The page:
While ByteDance’s ad spending was across numerous platforms, as noted by this graphic from Apptopia in 2018, the majority of its spend was on Facebook. The initial focus on Facebook was logical; Facebook had helped to pioneer the app install ad, and the amount of time their users spent on mobile made them the top choice for app install ads in 2018, with AppFlyer’s Performance Index in 2018 ranking Facebook app install ads #1 in almost all of their categories.
22% of all ads
According to data from the ad and apps analytics company Sensor Tower, TikTok quickly rose to be the #1 share of voice in their measurement analytics of Facebook Ads in Q1 and Q2 of 2018. Reuters reported that “nearly 22% of all ads seen by U.S. Apple device users on Facebook ad network came from TikTok and its Chinese counterpart Douyin” while Bloomberg noted in 2019 “13 percent of all the ads seen by users of Facebook’s Android app were for TikTok.”
But in mid-2019, that focus on Facebook ads began to drop off, and TikTok dropped from the #1 to the #40th app install advertisers, according to Adweek. As Reuters cited,
One source said TikTok calculated it had reached most people likely to use the app, so it shifted to building an ads business to compete against Facebook's...A TikTok spokesman confirmed the trend, saying the company ‘significantly scaled back spending and refined its ad strategy, resulting in an increased return on investment and stickiness among new users.’
Following Facebook, ByteDance’s U.S. advertising focus would shift to Snapchat, where ByteDance/TikTok would become Snapchat’s biggest advertiser in 2018. As detailed in the WSJ:
U.S. tech companies, meanwhile, are waking up to the challenge TikTok poses. Inside Snap, a debate erupted over taking the competitor’s ads. Many employees felt they were aiding a rival trying to lure away its users. Snap decided to keep selling the ads.
That relationship would only grow as AdWeek reported that “TikTok's ad spend with Snapchat quadrupled in a year,” becoming the single biggest advertiser on Snapchat. As Snapchat faced increased pressure from investors to increase profits and challenges in battling Instagram’s success in copying its features, they faced a difficult choice in whether to restrict their largest advertiser in trying to acquire part of their network.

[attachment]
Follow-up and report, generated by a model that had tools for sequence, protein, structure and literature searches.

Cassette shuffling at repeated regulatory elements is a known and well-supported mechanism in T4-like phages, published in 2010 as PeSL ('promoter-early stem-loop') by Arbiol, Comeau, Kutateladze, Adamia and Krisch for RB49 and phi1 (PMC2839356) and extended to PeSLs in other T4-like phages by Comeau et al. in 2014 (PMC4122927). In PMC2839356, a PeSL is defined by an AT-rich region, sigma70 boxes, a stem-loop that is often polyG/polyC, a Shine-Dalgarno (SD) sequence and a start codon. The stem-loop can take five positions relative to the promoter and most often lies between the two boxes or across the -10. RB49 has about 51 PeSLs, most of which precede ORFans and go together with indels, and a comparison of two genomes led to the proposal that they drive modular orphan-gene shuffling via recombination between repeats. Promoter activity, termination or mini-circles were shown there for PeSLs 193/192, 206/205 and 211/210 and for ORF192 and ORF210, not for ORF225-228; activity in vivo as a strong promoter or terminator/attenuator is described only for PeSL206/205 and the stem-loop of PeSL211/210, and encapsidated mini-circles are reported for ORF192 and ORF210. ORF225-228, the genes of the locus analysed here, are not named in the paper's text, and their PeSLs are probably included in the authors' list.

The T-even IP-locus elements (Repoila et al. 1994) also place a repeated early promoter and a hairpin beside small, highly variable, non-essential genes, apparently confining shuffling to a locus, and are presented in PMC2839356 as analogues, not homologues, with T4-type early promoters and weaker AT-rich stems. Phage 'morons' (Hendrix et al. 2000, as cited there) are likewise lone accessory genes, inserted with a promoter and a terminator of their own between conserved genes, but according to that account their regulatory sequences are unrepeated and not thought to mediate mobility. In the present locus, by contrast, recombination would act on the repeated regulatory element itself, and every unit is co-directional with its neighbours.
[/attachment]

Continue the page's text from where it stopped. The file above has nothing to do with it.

Questions for the Antitrust Hearings
The rise of TikTok as a large social network presents many opportunities to ask questions about the factors that lead to its rise. For instance, this situation raises questions about the viability of growing any new app without billions of dollars in ads.
What does it say about the competitive environment if sustainable organic growth may no longer be possible for new apps?
In a world where app install ads are the only viable option to grow out new networks and app installs, how should we consider the conflict of interest between the networks that make the advertising so valuable and their interest in keeping that network?
Should app install advertisers be allowed to block competitors from advertising on their platform?
Looking at the publicly available data also raises other questions: did TikTok really run out of users that it could acquire on Facebook, the largest social network in the world, in eighteen months? It’s hard to believe that given the amount of money they’ve spent since then on the much smaller social network Snapchat.
What does it say about the competitive environment for new apps that the app Facebook cites most often as a competitor is one that Facebook profited handsomely from and also had the power to limit its growth, had it chosen to do so?
The rise of TikTok as a U.S. competitor should be held up as a cautionary tale. Only once their technology was perfected and they were armed with billions of dollars to spend on advertising, could TikTok attempt to enter the U.S. market. Then TikTok had to spend billions of dollars on competitors’ platforms in order to achieve viability, and access could have been blocked as the competitive threat grew. TikTok could do this because they grew in the huge and sheltered Chinese market and could import that technology and revenue into the U.S., an example of the global competition that Big Tech companies often cite. Yet at home, almost no new U.S. company could ever meet these conditions today.
Mobile app install ads represent the complicated intersection of two of the tech duopolies that we currently live in, and TikTok represents the complications of the global technology competition situation. But while TikTok may be a competitor to Facebook in the U.S. now, that’s only because Facebook decided to allow it to become one and made hundreds of millions of dollars from the app in the process.
Looking at the factors contributing to TikTok’s rise as a potential Facebook competitor highlights the critical question: is it possible for any future U.S. startup to succeed as TikTok has given current competitive conditions? For the committee preparing to question Mark Zuckerberg and the other Big Tech CEOs, the answer to that question is essential.
Margins is a free newsletter on the business of technology, and technology of business. It’s written by Ranjan Roy, a former Wall Street trader turned content strategist, and Can Duruk, a product manager in Silicon Valley. We love computers, journalism, business, and think they all can have a heart. We’d love to have you as readers.